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Freemium Field Test: Angry Birds Fight is a truly puzzling turn for the series

Andrew Hayward | July 8, 2015
Free-to-play games often look appealing, but it's difficult to know at a glance whether the business model is insidious and fun ruining, or reasonable and worth pumping a few bucks into. With Freemium Field Test, we'll take a recent free-to-play iOS game, put it through its paces, and let you know if it's really worth your time (and money).

angry birds fight

Free-to-play games often look appealing, but it's difficult to know at a glance whether the business model is insidious and fun ruining, or reasonable and worth pumping a few bucks into. With Freemium Field Test, we'll take a recent free-to-play iOS game, put it through its paces, and let you know if it's really worth your time (and money).

Angry Birds Space showed that Rovio could do more than simply dress up its tried-and-true series formula with new visual themes, altering the pull-and-fling design in an inspired, entertaining fashion. Sadly, the creative well ran dry shortly after that, and many of the games released since have seemed like half-hearted and desperate attempts to ride the coattails of surging genres.

Kart racer Angry Birds Go took such a hard turn into freemium shenanigans that it ruined any potential fun, Angry Birds Epic charted a head-scratching detour into fantasy role-playing, and Angry Birds Stella Pop was an obvious bubble-popping clone that tried nothing new. And now you can add Angry Birds Fight--a match-three puzzler lacking smarts and lasting appeal--to the increasingly sad pile. 

The pitch 

As the title implies, Angry Birds Fight sees the familiar birds and pigs battling it out--only these fights are handled by matching together nearby bird faces on a grid. Pairing three of a kind clears the tiles from your board and adds a small bit of power and defense to your abilities, while matching four or even five faces triggers a special move that can generate a grid-emptying string of combos.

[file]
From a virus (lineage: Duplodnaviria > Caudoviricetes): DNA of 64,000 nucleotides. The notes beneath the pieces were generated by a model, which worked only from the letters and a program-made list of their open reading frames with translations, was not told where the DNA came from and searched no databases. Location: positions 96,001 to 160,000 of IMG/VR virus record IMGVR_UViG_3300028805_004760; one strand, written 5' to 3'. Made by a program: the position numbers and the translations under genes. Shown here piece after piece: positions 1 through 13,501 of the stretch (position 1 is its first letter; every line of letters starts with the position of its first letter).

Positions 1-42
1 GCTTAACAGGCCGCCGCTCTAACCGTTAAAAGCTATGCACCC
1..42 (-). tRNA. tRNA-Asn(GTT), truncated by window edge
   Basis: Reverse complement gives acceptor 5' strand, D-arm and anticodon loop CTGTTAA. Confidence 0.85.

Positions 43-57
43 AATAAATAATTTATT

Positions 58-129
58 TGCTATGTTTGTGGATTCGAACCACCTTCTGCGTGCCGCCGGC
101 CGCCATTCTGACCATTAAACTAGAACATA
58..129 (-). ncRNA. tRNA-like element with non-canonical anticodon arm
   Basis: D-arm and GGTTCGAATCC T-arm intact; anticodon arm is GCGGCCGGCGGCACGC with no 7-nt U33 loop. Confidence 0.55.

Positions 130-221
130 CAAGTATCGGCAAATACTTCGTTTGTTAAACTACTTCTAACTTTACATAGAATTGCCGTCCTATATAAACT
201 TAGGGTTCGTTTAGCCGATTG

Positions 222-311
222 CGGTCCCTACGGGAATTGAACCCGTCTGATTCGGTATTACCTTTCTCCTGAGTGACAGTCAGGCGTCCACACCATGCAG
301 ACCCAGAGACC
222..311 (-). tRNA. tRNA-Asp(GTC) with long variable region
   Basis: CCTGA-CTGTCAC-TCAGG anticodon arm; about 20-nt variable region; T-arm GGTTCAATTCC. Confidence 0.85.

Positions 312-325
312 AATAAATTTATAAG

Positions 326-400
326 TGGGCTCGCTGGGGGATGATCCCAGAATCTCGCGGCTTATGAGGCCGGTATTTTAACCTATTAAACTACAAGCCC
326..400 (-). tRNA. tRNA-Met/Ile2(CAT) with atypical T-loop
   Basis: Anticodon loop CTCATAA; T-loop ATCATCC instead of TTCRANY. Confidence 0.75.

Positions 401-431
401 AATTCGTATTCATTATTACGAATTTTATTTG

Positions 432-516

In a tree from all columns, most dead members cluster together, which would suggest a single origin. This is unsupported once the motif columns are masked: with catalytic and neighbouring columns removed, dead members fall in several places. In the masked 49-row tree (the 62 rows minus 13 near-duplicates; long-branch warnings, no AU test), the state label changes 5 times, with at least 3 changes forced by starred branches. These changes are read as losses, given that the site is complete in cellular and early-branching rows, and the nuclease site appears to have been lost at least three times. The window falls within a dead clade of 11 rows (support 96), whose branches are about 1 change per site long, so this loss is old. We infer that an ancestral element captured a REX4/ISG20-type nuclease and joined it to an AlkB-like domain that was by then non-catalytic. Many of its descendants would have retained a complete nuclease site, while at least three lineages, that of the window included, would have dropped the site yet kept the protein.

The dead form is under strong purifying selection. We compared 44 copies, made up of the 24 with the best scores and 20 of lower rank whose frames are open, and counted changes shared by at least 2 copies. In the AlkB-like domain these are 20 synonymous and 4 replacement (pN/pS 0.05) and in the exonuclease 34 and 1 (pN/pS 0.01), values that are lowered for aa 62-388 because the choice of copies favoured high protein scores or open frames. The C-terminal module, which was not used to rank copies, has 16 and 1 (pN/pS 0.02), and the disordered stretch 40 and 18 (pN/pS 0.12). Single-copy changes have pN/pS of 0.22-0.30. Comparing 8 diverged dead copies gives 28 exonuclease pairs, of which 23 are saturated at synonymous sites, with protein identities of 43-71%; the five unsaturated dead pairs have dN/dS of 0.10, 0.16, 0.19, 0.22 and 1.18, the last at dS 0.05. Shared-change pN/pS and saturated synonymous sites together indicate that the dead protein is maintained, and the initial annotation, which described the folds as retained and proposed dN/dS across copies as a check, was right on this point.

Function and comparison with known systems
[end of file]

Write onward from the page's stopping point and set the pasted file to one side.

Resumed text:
Sadly, there isn't much time to plot out maneuvers: Each round lasts just 45 seconds or less, which means you're expected to find matches at a rapid pace. Taking your time to set up intentional combos isn't really compatible with the game design in Fight. Not that the game really lets you make up your own mind without distraction: It's constantly suggesting next matches on the board without giving you a beat to consider the options. Speed matters much more than strategy here. 

That isn't a problem on its own, so much--there's nothing wrong with taking a different angle on a tried-and-true genre design. The real issue I have with Angry Birds Fight is that it all feels like a total crapshoot. Once you finish the puzzling segment, the opposing creatures start pummeling each other automatically--you'll do nothing but watch in these moments--until one of them is defeated. And it's not very clear what's happening: This a stats-based showdown in which the stats aren't all made known, and you can't do anything but await the conclusion. 

 

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